Oliver Cromwell, 1599-1658

Oliver Cromwell, 1599-1658

The online sources I’d read warned that the Cabbage Gardens was run down and neglected, but on that day at least, the park was well-kept and welcoming, a green oasis in the densely urban landscape. Roundish in shape, the park has a path around its edge, some nice trees and shrubs, and the grassy area in the center that the city bills as a “football pitch,” though it would have to be a fairly small-scale game with imaginary goal posts. But what makes this park unique is that along the east wall, hundreds of gravestones are stacked helter-skelter, some with readable inscriptions, others worn with time and weather. In the northeast corner there are more gravestones, a couple still in place, and a plaque commemorating the history of the Cabbage Gardens. Though most of the gravestones have been moved, according to the history of the place the dead still lie buried throughout the park with their resting places no longer marked and orderly. I presume there is no longer anyone left to care. From the grassy area, you can see the steeple of St. Patrick’s, at one time the center of life in this corner of Dublin and still an elegant neighbor.

The land here was on the fringe of medieval Dublin; even St. Patrick’s was outside the city walls, an important distinction at the time, making this area a community unto itself. By the mid-seventeenth century when Cromwell and his army arrived, the city was starting to spread in this direction. Cromwell’s invasion and conquest of Ireland on behalf of the English parliamentarian forces in the Eleven Years War began in 1649 and lasted about four years, though he stayed less than a year. His intention, which he achieved with a vengeance, was to reestablish control of Ireland, vanquish the Roman Catholic forces that had become powerful and were supporting the Royalists, his enemies, and secure more troops for his cause. Duped by rumors that the Irish had massacred English residents and driven by religious fanaticism, he waged a brutal war against both soldiers and Catholic civilians that some have likened to ethnic cleansing.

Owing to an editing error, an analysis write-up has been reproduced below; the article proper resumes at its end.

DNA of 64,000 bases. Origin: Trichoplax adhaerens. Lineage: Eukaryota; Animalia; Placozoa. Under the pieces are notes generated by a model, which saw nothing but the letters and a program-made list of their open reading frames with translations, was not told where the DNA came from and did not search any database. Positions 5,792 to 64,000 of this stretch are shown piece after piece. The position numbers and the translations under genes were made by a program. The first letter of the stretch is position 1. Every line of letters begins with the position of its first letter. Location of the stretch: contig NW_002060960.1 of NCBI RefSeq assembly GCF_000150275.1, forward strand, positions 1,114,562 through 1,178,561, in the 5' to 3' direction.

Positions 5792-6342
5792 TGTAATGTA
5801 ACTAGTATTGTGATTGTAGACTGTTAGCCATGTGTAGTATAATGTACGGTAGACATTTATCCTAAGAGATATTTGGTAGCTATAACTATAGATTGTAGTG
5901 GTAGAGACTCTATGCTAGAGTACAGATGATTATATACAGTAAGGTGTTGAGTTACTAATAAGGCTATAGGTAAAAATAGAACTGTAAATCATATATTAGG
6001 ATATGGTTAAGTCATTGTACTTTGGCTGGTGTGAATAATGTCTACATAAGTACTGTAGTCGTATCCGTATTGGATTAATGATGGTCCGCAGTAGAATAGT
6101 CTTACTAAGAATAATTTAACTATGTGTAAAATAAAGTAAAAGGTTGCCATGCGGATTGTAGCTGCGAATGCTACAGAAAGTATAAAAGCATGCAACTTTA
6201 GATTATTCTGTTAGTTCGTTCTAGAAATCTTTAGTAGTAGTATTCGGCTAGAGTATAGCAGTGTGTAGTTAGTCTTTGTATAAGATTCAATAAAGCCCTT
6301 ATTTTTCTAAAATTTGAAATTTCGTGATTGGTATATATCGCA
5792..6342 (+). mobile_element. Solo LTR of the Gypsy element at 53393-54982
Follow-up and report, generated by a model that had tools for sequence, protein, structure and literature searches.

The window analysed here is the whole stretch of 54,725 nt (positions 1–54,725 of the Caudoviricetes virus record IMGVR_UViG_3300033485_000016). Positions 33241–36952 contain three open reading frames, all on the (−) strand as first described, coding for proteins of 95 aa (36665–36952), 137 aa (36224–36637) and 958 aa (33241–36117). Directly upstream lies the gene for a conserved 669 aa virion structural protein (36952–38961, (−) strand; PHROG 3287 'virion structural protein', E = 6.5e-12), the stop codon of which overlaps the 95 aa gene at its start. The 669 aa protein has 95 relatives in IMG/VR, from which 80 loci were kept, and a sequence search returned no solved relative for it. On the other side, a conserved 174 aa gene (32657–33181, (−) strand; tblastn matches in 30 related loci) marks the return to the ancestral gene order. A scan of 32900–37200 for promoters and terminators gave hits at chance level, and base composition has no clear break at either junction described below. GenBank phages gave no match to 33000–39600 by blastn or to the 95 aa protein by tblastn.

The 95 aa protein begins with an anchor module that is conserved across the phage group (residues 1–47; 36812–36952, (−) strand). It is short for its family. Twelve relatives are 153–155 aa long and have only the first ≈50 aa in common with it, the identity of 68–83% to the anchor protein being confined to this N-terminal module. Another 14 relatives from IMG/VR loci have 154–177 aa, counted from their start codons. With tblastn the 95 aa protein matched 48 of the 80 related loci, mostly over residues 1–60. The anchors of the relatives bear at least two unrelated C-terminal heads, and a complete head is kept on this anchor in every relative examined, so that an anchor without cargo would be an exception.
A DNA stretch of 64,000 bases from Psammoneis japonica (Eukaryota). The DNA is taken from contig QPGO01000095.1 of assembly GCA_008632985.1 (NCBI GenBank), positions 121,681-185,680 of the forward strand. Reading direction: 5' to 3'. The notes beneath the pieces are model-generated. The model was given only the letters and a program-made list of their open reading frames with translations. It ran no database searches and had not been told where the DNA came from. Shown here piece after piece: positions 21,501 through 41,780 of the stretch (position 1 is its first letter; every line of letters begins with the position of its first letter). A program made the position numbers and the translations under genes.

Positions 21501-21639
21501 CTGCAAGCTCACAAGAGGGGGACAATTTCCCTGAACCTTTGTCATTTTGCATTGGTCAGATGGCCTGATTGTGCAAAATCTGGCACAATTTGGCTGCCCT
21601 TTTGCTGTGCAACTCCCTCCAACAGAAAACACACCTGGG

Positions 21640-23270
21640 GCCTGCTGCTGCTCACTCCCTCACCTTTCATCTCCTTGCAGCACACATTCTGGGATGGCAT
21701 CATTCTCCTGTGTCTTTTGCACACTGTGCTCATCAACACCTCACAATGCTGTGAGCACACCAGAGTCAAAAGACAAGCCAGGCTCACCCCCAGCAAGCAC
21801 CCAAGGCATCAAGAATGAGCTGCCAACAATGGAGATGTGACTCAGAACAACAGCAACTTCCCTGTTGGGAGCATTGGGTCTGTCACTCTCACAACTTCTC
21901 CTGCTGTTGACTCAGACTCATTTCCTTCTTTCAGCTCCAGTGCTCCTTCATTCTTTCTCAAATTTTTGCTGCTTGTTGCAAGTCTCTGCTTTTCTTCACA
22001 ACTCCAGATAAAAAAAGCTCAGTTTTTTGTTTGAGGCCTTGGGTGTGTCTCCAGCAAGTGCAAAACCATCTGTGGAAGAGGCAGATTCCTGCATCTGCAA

It’s hard not to agree. In justification of the siege of Drogheda where 3500 soldiers and mostly Catholic civilians were killed, Cromwell said,

This is a righteous judgment of God upon these barbarous wretches, who have imbrued their hands in so much innocent blood….it will tend to prevent the effusion of blood for the future, which are satisfactory grounds to such actions, which otherwise work remorse and regret.

36 cromwell_mural_smallCromwell believed Catholics were heretics. In addition to killing them whenever he could, he confiscated or destroyed their churches and possessions. He didn’t like the established church or the Presbyterians either. When his army occupied Dublin, to show his disapproval of the Church of England he used St. Patrick’s Cathedral as a stable for his horses. As you might guess, he is a hated figure in the Republic of Ireland, where recent scholarly attempts to soften his reputation have found little sympathy. And no wonder, for he probably did as much as anyone to deepen the divide between Catholics and protestants that has plagued Irish politics and society for centuries. In Northern Ireland he is recognized as a hero and defender of the faith by some on the extreme Loyalist side of the divide, as this mural from 2002 suggests, but in the Republic there are no statues or monuments celebrating Oliver Cromwell.